Hospital Emergency Room Directors
Emergency Room Physicians
Urgent Care, Clinic and Primary Care Physicians
Emergency Medical Services Personnel
Martin Fenstersheib, MD, MPH, Health Officer and
Sara Cody, MD, Communicable Disease Control Officer
Re: Recognizing Terrorism Agents
It is crucial that emergency room physicians and other clinicians have a clear understanding of how to recognize a patient presenting with possible exposure to a biological or chemical agent or radiation. Although this situation has not presented in Santa Clara County, there are truly dire consequences of not recognizing a potential incident and reporting it to the Public Health Department.
In October 2000, we published the first Zebra Packet: Bioterrorism Information for Clinicians. In the decade since the Zebra Packet was first designed, much has changed. Clinical protocols have been refined and disease reporting instructions have evolved. Most importantly, quick access now means immediate viewing on a smart phone or downloading a document from a website. We also recognize the need to add medical management guidelines for exposure to chemical agents and radiation.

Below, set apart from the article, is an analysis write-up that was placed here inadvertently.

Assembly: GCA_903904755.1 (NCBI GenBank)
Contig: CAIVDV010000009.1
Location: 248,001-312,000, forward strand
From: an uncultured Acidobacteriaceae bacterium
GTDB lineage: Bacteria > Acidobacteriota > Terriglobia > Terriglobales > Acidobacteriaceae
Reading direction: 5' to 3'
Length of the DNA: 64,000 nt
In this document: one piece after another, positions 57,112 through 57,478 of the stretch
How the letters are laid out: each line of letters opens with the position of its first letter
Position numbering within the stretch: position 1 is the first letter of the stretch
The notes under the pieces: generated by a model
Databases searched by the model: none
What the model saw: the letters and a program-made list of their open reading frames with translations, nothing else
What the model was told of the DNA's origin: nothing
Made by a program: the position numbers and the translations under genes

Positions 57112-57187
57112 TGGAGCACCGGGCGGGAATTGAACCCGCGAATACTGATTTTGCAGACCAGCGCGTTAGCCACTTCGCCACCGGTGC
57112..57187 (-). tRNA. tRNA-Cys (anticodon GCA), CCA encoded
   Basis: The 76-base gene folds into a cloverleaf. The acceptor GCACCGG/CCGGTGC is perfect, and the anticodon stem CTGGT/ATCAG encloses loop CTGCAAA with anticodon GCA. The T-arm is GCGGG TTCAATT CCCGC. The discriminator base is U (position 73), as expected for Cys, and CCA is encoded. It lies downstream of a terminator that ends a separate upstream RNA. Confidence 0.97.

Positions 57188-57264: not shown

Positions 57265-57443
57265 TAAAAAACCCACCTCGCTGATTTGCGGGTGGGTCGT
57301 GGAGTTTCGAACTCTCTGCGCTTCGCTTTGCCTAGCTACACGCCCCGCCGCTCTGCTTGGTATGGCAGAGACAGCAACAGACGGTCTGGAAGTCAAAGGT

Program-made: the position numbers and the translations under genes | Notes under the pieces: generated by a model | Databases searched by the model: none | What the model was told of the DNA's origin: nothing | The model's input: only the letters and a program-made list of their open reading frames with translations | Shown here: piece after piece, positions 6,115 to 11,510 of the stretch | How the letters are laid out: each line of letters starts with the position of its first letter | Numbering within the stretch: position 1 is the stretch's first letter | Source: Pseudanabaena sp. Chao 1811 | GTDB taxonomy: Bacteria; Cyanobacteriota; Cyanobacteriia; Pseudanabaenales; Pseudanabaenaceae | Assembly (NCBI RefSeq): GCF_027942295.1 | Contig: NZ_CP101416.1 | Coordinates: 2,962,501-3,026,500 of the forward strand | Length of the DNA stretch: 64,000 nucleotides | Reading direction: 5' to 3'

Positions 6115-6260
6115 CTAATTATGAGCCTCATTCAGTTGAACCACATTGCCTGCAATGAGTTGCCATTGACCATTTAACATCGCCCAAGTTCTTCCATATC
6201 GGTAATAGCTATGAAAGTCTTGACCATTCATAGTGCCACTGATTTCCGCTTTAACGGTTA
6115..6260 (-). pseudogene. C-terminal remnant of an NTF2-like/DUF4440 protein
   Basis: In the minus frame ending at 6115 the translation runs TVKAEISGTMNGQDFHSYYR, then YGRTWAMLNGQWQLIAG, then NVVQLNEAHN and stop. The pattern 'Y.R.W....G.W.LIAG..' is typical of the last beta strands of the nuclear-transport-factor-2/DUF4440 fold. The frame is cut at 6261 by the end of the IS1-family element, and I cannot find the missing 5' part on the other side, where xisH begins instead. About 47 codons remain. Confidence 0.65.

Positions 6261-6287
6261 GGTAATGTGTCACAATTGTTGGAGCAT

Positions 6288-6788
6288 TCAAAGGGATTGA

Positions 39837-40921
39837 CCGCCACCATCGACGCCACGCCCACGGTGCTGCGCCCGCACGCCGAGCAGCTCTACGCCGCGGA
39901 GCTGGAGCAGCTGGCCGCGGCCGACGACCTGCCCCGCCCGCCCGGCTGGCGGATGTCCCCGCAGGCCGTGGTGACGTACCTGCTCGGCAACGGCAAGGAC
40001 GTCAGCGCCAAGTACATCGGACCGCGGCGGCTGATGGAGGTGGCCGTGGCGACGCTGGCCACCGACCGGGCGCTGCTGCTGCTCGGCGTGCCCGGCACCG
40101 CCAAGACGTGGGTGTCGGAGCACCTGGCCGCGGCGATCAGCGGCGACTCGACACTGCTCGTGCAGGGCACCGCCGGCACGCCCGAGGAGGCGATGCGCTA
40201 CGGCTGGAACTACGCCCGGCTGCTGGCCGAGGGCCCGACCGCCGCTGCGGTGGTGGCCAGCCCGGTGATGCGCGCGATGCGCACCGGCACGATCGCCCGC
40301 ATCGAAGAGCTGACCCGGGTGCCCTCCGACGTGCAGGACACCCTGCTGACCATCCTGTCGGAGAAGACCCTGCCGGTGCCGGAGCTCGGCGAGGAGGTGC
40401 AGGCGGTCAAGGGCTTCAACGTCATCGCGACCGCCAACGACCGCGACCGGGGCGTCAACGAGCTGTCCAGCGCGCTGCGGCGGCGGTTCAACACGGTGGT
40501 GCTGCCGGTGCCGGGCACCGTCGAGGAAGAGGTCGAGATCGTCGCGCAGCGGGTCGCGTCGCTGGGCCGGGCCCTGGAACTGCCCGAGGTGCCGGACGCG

This updated Zebra Packet carefully summarizes the Medical Management Guidelines (MMGs) published by the Center for Disease Control and Agency for Toxic Substances and Disease Registry (CDC/ATSDR). Links are provided back to the CDC/ATSDR websites for further information.
We all remember the medical school adage, “When you hear hoof beats, think horses, not zebras”. But today, the public health and medical community continues to be challenged by the threat of terrorism incidents. It remains vital to increase awareness of clinical syndromes and medical management of each potential terrorism agent.